Yad Binyamin is a wonderful mixing bowl: Israelis (mostly) and Anglos; but even more significantly, Yad Binyamin brought in many residents of Gush Katif after the Disengagement (i.e. expulsion). This "mix" has, in my view, been mutually beneficial.
After the disengagement, the residents of the Gush (Katif - we just call it "The Gush", which many Americans confuse for Gush Etzion) were reeling, with no home (destroyed by bulldozers), no permanent place to live, and no designated realistic temporary housing. Israel rushed to put together "tent cities" for the residents of Gush Katif, but it took time. A new friend this past Shabbat told me that they spent months living in the dormitories of Yeshivat Kerem B'yavneh, and on Shabbat often all seven members of the family slept together in a single room. Tough.
Meanwhile, the government built them housing. Many of the evacuees moved to Nitzan, but others were placed in Yad Binyamin. The difference between the two is stark. While the evacuees live in identical housing, (what we call here caravillot - small trailers made to look like houses), the areas are truly very different. While the residents of Nitzan are in the process of building the infrastructure for their permanent homes (streets, sewers, utilities) - yes, three years later - the Yad Binyamin evacuees' homes were almost immediately surrounded by construction of homes for other Israelis - namely us. In addition, Yad Binyamin was already an established community with services like health, a small shopping center, shuls, a yeshiva and a pool. It's difficult to overemphasize how much these small things influence us; a regular place to daven, a local store to buy groceries, a community to live in. Yad Binyamin just finished the first of two brand new shuls, with the second one ready for occupation any day now. Even so, many of the members of our new shul were evacuated from the Gush and struggle to rebuild their lives. But I'm quite sure that the presence of a growing and thriving community around them is helping. They're not the only ones starting over. They see Olim with almost identical challenges each and every day. And they're not the only ones building houses here. So the presence of "regular" Israelis and other Olim clearly has a positive effect on the lives of the "evacuees."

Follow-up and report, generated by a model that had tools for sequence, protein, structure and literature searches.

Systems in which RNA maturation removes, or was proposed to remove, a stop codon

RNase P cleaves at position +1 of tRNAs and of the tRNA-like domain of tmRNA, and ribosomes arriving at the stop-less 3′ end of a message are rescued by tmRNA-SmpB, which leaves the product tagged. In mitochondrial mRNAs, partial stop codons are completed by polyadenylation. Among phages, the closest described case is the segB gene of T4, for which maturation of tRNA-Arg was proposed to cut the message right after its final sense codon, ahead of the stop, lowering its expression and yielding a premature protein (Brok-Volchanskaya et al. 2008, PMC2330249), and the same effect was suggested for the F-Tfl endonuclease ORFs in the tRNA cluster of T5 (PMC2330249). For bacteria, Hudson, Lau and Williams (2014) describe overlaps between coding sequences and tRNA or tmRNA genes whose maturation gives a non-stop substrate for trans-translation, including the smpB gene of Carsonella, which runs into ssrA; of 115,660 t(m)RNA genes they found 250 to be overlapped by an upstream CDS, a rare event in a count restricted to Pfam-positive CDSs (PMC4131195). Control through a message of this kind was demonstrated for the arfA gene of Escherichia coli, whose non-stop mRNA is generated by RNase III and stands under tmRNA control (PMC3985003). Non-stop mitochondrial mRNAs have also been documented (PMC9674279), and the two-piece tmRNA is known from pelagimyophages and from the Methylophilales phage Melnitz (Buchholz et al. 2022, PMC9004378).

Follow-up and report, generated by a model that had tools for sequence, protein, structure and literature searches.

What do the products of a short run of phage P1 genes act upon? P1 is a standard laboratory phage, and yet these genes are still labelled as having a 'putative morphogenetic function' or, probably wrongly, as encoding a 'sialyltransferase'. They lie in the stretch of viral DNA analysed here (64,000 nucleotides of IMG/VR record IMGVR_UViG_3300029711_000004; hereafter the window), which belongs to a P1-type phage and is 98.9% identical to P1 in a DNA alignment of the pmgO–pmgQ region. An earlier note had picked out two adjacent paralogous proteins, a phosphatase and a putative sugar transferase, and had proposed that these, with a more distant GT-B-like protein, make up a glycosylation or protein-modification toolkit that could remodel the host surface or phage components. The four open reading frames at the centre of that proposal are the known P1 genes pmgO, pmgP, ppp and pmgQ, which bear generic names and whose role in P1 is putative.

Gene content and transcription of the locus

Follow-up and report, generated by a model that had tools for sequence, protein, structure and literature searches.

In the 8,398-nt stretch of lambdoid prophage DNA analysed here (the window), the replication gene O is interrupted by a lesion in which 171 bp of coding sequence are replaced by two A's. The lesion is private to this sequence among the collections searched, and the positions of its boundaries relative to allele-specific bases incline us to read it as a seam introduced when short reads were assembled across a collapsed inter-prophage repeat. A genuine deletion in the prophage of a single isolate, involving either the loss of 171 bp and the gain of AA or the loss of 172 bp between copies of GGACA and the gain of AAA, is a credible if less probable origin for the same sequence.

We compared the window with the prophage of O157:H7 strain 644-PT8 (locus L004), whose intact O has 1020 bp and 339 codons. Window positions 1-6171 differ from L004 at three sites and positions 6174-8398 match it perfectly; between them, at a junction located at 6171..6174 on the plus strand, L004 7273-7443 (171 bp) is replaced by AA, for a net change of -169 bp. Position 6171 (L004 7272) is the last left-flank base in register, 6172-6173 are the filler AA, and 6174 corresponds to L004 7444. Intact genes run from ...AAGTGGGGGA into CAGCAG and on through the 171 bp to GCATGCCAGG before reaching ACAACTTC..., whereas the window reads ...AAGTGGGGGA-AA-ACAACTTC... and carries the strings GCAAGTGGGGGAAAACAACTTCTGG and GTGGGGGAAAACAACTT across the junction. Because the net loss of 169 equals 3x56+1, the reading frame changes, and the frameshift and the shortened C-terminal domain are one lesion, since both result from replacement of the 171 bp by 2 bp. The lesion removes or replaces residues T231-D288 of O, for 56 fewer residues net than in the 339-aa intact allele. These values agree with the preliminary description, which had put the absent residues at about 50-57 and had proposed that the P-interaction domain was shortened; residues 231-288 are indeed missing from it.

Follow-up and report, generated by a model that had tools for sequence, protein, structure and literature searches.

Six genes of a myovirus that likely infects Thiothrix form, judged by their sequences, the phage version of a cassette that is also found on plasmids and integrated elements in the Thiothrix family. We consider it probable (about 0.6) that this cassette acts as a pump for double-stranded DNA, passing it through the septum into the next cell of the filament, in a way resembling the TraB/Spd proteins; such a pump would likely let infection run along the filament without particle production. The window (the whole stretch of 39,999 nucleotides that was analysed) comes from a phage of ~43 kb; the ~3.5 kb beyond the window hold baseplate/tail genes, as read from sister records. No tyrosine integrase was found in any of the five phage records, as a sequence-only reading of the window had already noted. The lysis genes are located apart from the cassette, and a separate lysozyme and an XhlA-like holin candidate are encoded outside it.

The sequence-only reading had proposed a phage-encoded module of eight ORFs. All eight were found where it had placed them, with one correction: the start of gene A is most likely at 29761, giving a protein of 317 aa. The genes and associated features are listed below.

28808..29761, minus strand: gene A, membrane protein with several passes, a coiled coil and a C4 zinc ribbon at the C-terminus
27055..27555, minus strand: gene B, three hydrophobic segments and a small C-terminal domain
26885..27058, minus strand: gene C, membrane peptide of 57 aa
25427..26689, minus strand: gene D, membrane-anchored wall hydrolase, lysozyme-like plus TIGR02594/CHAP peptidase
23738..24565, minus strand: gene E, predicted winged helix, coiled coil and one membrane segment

But they influence in a critical way as well. One of the potential problems with a place like Yad Binyamin is its affluence. Simply put, many Israelis can't afford to buy a house in a place like this - other than the ones that bought on paper at the very beginning. (Most don't fit that description.) What ends up happening is that the community values tend to reflect the values of the people that could afford to live there, and that's not something that's necessarily desirable.
That's where the former residents of Gush Katif play a cricital role. They're simple people, who were willing, for whatever reason, to live in a complicated place and work hard to build their lives. Their very presences "grounds" the rest of us - to keep us "real," and ensures that the values of the community remain strong, focused on our children, on living lives committed to Torah and the Jewish people.